Documentation - APEC SME Crisis Management Center

download report

Transcript Documentation - APEC SME Crisis Management Center

APEC SME Crisis Management Centre (SCMC) - Training Workshop
May 24-May 28, 2010
Grand Formosa Regent Taipei
Chinese Taipei
How SMEs can remain competitive
in the face of crises
Dr Chris Hall
CEO Comnami
[email protected]
The purpose of the APEC SME Crisis Management Centre (SCMC)
SMEs are important: they contribute about half the GDP, half the
employment, and most of the job growth in APEC
SMEs and entrepreneurs are not all the same, nor have the same
requirements!
There is a major economic and financial crisis (competitive wave) about
every 5 to 10 years.
Crises, competitive waves can come from many sources.
It is not possible to predict the future. But it is possible to use
scenarios and intelligence to anticipate and monitor key issues to help
manage an emerging wave.
For every threat there is an opportunity. SMEs have proved resilient in
previous crises.
For SMEs to remain competitive in crises and tsunami, they need good:
cash flow; intelligence; management, and luck!
For the last decade many SMEs have had less access to bank finance!
SME managers are overwhelmed with more information available than
ever before!
There is an opportunity to improve the management of risk by banks in
lending to SMEs, and improve management of SMEs by getting banks,
ICT suppliers, telcos and governments to work cooperatively to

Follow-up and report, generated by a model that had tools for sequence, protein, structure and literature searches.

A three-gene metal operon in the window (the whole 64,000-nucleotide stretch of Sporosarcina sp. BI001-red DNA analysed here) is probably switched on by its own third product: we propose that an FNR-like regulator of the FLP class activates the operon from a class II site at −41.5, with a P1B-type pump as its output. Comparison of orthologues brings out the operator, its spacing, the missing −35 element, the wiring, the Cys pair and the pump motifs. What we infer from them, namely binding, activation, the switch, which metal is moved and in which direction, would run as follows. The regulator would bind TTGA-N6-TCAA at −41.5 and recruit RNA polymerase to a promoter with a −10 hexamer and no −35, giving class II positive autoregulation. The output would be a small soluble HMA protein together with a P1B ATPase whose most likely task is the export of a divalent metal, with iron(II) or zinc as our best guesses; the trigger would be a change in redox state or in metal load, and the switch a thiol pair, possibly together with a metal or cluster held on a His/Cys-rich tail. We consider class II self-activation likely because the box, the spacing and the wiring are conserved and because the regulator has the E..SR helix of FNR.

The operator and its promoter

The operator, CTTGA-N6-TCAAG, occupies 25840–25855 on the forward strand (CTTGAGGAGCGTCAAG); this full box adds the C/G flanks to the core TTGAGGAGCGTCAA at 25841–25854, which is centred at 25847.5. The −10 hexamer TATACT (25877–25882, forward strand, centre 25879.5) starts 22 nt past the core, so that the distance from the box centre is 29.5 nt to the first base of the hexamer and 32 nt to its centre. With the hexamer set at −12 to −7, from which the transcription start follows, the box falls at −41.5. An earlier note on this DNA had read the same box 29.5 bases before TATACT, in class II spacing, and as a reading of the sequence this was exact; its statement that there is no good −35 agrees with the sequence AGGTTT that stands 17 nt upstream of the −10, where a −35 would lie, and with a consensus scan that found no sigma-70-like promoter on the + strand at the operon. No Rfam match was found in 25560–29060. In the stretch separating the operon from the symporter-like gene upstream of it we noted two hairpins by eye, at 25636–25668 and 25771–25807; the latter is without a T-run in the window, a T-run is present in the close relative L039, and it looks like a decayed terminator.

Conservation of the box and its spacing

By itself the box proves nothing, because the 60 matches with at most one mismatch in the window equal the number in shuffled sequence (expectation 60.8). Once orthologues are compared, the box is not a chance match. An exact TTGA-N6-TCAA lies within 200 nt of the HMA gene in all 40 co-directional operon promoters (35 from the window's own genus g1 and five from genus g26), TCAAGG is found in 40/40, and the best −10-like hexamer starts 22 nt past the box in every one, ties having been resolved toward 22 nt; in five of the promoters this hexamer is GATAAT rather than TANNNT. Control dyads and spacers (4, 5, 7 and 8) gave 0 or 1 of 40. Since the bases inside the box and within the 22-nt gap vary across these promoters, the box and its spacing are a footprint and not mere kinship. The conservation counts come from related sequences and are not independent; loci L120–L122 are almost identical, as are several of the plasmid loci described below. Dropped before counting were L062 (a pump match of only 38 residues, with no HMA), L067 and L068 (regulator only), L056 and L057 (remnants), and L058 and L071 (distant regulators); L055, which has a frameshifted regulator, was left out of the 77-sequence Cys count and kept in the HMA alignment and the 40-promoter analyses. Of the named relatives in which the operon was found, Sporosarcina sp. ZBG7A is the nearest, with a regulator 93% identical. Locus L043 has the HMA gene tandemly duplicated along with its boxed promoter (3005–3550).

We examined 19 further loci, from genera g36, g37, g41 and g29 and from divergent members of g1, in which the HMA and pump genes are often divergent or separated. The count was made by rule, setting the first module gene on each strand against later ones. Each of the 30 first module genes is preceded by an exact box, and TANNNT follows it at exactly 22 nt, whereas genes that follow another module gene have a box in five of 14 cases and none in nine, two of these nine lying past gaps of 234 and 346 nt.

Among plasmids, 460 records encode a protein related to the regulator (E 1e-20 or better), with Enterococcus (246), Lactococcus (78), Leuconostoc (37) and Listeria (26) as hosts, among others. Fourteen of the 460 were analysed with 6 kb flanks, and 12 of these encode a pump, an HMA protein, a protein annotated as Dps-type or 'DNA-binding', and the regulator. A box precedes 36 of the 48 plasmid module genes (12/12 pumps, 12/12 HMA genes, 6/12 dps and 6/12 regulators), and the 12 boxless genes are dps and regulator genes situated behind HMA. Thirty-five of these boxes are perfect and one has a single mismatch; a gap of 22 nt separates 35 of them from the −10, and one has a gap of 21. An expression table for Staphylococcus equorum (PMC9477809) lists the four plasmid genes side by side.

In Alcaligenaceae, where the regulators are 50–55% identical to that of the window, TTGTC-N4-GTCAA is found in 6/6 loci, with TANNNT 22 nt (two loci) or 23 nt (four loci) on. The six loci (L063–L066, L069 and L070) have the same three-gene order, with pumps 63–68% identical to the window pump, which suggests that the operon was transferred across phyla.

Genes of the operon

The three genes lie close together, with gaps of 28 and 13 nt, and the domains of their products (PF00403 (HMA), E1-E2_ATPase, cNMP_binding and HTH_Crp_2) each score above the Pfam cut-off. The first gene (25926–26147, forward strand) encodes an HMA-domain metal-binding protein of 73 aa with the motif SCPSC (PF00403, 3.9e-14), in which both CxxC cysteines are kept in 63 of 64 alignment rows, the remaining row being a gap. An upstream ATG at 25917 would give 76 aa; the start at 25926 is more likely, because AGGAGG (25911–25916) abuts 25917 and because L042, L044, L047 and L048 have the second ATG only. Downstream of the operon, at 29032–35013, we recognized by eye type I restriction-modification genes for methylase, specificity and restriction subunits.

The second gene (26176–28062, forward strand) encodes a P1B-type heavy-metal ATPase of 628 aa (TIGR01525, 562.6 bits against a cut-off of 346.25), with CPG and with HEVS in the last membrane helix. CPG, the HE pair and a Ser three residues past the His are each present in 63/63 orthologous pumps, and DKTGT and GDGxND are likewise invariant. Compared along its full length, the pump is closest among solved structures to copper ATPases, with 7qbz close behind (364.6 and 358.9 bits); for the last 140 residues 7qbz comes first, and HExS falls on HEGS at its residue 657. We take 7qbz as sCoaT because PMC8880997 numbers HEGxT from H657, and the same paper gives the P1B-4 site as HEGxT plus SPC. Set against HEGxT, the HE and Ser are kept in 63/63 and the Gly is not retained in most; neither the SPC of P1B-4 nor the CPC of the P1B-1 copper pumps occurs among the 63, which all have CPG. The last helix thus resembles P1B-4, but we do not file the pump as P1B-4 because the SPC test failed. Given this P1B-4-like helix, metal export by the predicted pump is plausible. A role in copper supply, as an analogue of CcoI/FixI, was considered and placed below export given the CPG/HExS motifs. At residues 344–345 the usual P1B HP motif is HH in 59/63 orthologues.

improve CI and management of SMEs.
What is an SME?
20 to 500
~2% to 3%
5 to 19
~ 11%
1 to 4
employees
large firms make up less than 0.1% of businesses
99.9% of all businesses are SMEs, employing
less than 500 people,
98% employ less than 100,
80% employ less than 5 people
~ 30%
There is no consistent definition of SMEs across
APEC, but the great bulk of SMEs employ less
than 100, and most less than 20 people.
non
employing
~ 55%
How many SMEs are there in APEC?
0
5
10
15
20
25
30
35
Australia
Brunei
Canada
Chile
China
Hong Kong
Indonesia
There are now
about 77 million
SMEs in APEC,
about 30 million of
them in China, ...
Japan
Korea
Malaysia
Mexico
New Zealand
Peru
Philippines
Russia
Singapore
Chinese Taipei
Thailand
USA
Vietnam
but there should
be about 100
million in APEC,
about 60 million in
China
There are big differences across economies in propensity to start an SME
% of adult
population
50.00
45.00
40.00
35.00
30.00
25.00
20.00
15.00
10.00
5.00
0.00
new
nascent
a
n
e
o
sia por
ic
ad
pa
s
x
n
a
e
J
Ru ng a
M
Ca
i
S
a
s
a
ile
lia land
sia ines
in
te
si
h
a
e
h
y
r
a
i
C
a
C
st
on ilipp
St
ha
al
u
d
d
T
A
M
In
it e
Ph
Un
People start SMEs up (entrepreneurship) as a result of:
a) necessity (no job)
b) opportunity (for improved income and wealth)
ru
Pe
GEM 2006 data
necessity driven start ups become more important in post crisis periods
Source GEM 2008 Executive Report
not all who try to start-up, actually succeed
For every 1 million people, there are about 50,000
SMEs.
GEM suggests about 5% (50,000) people try to start
a new business each year,
and of that 50,000, about 45,000 will not succeed...
..but 5,000 will succeed.
If the successful start up rate is 10% of the firm
population (50,000 firms for 1 million people, or 1
SME for every 20 people), then 5,000 will start each
year, of which about 1,000 (20 to 25%) are growth
oriented.
If about 10% (5,000) exit each year, then the SME
population is steady and it renews itself about
every 10 years.
What do these SMEs contribute?
Medium 19 to
500 or so
large firms make up less than 0.1% of businesses,
contribute between 40% and 60% of employment,